TIMMINS, Ont (Canadian OH&S News)
A worker in northeastern Ontario was fatally injured in early April after he was struck by a piece of rock at an underground mine.
William Lin, a spokesman with the Ministry of Labour (MoL), says that the ministry was initially notified of a critical injury at Lake Shore Gold Corp’s Timmins West mine on April 2. “The worker was struck by a piece of loose material and rendered unconscious and taken to Timmins and District Hospital. That worker has died,” Lin says.
Two MoL inspectors were dispatched to the scene to investigate. A ground control engineer returned the following day to continue the investigation, Lin reports, adding that the scene remains secured.
No orders had been issued as of press time and the accident remains under investigation by the MoL, the Timmins branch of the Ontario Provincial Police and Lake Shore Gold’s joint health and safety committee.
Dan Gagnon, senior vice-president of operations at the company, says Trevor King was working as part of a crew and struck by the piece of rock while loading a development round on the 730-metre level of the mine. Such rounds are typically placed into holes where blasting occurs.
The mine was voluntarily shut down by the company for a couple of days “and production will resume in the next day or so when we have had good safety discussions. We have been focusing on communication and providing counselling to our employees,” Gagnon says. Operations resumed on April 5.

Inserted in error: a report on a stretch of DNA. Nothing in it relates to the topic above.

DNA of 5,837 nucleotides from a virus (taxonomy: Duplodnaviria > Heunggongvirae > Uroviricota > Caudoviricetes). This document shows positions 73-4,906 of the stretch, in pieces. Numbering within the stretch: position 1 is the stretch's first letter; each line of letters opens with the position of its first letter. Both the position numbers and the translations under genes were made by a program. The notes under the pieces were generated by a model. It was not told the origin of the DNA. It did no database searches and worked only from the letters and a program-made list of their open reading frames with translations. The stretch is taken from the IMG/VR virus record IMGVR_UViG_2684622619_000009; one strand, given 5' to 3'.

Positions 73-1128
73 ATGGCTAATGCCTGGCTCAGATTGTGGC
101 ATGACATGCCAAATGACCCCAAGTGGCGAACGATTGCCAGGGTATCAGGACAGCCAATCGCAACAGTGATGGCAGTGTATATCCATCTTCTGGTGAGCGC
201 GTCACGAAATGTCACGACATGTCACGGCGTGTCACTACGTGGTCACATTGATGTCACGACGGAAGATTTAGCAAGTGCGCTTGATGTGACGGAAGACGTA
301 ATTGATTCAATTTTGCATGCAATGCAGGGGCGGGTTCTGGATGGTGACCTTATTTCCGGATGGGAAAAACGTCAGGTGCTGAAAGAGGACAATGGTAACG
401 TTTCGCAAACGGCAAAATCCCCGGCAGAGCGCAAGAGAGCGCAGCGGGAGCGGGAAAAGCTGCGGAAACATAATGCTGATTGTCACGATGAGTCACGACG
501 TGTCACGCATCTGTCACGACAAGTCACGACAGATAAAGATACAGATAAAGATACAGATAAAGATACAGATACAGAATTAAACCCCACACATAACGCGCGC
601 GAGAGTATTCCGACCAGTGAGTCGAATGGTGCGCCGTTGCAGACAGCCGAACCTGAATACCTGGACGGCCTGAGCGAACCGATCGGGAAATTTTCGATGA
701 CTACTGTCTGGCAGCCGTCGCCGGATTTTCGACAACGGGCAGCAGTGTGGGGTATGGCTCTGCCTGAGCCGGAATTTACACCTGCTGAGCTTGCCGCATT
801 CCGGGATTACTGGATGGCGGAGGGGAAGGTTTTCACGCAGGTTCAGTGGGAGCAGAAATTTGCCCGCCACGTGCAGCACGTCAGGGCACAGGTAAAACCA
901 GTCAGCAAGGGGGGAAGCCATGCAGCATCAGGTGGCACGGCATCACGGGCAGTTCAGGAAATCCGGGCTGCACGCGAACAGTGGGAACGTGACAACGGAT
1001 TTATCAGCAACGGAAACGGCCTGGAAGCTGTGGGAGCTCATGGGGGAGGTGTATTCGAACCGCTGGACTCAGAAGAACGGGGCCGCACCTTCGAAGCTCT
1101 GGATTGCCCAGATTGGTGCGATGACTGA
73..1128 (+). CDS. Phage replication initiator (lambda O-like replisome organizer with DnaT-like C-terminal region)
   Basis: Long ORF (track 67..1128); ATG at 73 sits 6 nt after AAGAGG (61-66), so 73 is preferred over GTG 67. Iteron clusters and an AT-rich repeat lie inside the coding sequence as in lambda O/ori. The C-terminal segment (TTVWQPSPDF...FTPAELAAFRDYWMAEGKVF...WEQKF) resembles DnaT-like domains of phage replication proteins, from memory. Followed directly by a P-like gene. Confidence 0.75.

“This is a tragic event and loss,” says Tony Makuch, president and CEO of Lake Shore Gold Corp, in a statement. “We are concentrating our efforts on supporting the family and our employees at the mine site and on investigating the incident to understand exactly what occurred. Our focus has always been and will remain on the health and safety of our people.”
Rick Bertrand, president of Local 6500 of the United Steelworkers Canada (USW) union in Sudbury, Ontario, is calling for a public inquiry into mining in general in the province, noting that there has not been a public inquiry in about three decades.
“There’s been a lot of changes in 30 years,” he says. “The inquiry, we really need it more than ever because of this, and why is it happening so often lately? We just don’t know,” Bertrand says, adding that there have been about a half dozen mining fatalities in northeastern Ontario in less than a year.
Accident similar to another recent mine fatality
Bertrand points to the similarities between the latest accident and one that took place on January 29 in Levack, Ontario, approximately an hour northwest of Sudbury. At about noon, 47-year-old miner Stephen Perry was working more than 1,200 metres below ground at Vale Limited’s Coleman nickel mine when rock in the passage fell and crushed him (COHSN February 6, 2012). Perry was using a machine to load an ammonium nitrate/fuel oil blasting agent into the rock in an area being developed for future mining.
The 16-year employee of Vale was brought to the surface, where he was pronounced dead. The fatality prompted Vale to temporarily suspend operations at all five of its mines in the Sudbury area.
The USW has completed its own investigation into the incident. Results of the MoL investigation are expected in June.